But in the games of these playoffs that the Rangers collapsed, like Game 2 against Montreal, and Games 2 and 5 against Ottawa, who was at fault? Lundqvist or the coaches? Could the defensive deployment have cost them any of those games? Could the Rangers’ defensemen somehow contribute to the Senators and Canadiens’ game tying goals against in any way? Is it at all possible that a goal being scored against is the fault of anyone other than the goaltender?

Lundqvist may be 35 years-old, but his career is far from over. He has proven every season and postseason that he is still capable of playing his high-caliber game. Henrik may be past his prime, but that does not mean his window is closed or that he cannot win a Stanley Cup. Even if Lundqvist’s play in the regular season drops, he has demonstrated his game rises with the intensity of the playoffs.

Furthermore, it always has and always will require a team effort to win the Stanley Cup. As the Rangers have proven every season, it is not sustainable to rely this heavily on a  goaltender, even one as great as Lundqvist. There must be contributions from the forwards, defense, and coaching, as well as the goaltending.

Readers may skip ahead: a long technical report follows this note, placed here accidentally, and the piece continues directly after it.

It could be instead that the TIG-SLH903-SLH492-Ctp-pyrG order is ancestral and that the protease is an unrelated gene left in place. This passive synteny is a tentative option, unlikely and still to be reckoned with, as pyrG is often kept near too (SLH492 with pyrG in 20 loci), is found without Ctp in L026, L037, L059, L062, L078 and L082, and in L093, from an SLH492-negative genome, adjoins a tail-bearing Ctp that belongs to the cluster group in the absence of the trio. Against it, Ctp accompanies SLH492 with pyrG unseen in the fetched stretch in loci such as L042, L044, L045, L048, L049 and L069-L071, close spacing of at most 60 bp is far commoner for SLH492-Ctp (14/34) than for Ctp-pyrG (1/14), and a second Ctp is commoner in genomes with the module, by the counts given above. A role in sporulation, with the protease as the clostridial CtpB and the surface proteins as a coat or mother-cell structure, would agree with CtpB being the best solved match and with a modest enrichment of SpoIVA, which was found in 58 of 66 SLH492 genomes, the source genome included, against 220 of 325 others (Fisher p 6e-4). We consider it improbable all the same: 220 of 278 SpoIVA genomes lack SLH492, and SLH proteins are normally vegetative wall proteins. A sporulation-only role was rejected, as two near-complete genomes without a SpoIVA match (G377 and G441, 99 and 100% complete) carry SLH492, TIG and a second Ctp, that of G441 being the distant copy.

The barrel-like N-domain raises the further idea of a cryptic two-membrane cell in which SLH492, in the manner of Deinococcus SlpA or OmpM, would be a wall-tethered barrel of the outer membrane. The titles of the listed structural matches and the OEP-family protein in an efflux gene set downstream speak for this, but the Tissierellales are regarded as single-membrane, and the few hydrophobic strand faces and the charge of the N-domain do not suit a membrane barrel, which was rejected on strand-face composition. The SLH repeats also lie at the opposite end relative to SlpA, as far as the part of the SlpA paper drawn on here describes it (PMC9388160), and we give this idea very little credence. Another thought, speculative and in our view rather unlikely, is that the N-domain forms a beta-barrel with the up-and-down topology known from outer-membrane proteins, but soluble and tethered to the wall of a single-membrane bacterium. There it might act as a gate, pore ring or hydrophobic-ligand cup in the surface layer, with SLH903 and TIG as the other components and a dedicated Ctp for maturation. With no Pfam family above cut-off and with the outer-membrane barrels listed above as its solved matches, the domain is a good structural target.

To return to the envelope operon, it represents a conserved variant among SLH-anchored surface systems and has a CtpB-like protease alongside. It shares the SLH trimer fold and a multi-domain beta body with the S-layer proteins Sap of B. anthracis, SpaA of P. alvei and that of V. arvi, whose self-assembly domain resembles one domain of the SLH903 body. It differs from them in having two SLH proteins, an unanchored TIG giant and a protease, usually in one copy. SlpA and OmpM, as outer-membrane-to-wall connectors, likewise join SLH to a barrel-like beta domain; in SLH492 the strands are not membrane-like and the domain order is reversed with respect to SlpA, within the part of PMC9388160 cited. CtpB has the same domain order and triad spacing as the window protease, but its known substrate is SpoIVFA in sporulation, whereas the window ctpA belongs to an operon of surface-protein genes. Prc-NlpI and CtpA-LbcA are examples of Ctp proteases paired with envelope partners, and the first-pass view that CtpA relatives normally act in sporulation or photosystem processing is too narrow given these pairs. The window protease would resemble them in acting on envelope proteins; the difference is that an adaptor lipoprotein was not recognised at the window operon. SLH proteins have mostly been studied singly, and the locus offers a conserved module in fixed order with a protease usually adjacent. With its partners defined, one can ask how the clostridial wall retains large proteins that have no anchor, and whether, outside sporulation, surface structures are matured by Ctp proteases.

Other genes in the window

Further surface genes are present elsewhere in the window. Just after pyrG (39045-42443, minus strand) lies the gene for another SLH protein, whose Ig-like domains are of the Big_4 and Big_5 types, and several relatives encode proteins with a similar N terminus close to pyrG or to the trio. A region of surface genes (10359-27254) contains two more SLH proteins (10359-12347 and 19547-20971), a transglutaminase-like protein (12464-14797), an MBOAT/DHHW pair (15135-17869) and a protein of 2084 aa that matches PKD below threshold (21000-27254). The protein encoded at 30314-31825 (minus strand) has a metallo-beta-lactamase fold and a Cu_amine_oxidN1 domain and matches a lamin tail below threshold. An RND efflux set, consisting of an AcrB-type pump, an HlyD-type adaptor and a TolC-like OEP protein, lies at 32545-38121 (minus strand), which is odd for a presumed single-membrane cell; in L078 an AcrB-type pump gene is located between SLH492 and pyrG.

Henrik has proven that he is the greatest difference-maker for the Rangers. Had Lundqvist had a more-complete team in front of him, the Rangers likely would have won by now – maybe in 2012 or 2014, when Lundqvist carried the Rangers to the Eastern Conference Final and Stanley Cup Final.

Lundqvist is the easiest scapegoat to blame, as he has the highest cap hit on the team (7 years/$8.5 million annual average value), but that does not mean that he should be. He is not responsible for the Rangers’ playoff elimination this season. Had it not been for Lundqvist carrying his team that often generated much less offense in their first round series, they would not have even met the Senators.

Wins in the Stanley Cup Playoffs are a team effort and so are the losses. It is about time that the management, fans, and the media recognize what they have in Lundqvist while they still can, since as it is so frequently said: Lundqvist’s window is closing.

*Data is at 5v5 and is sourced from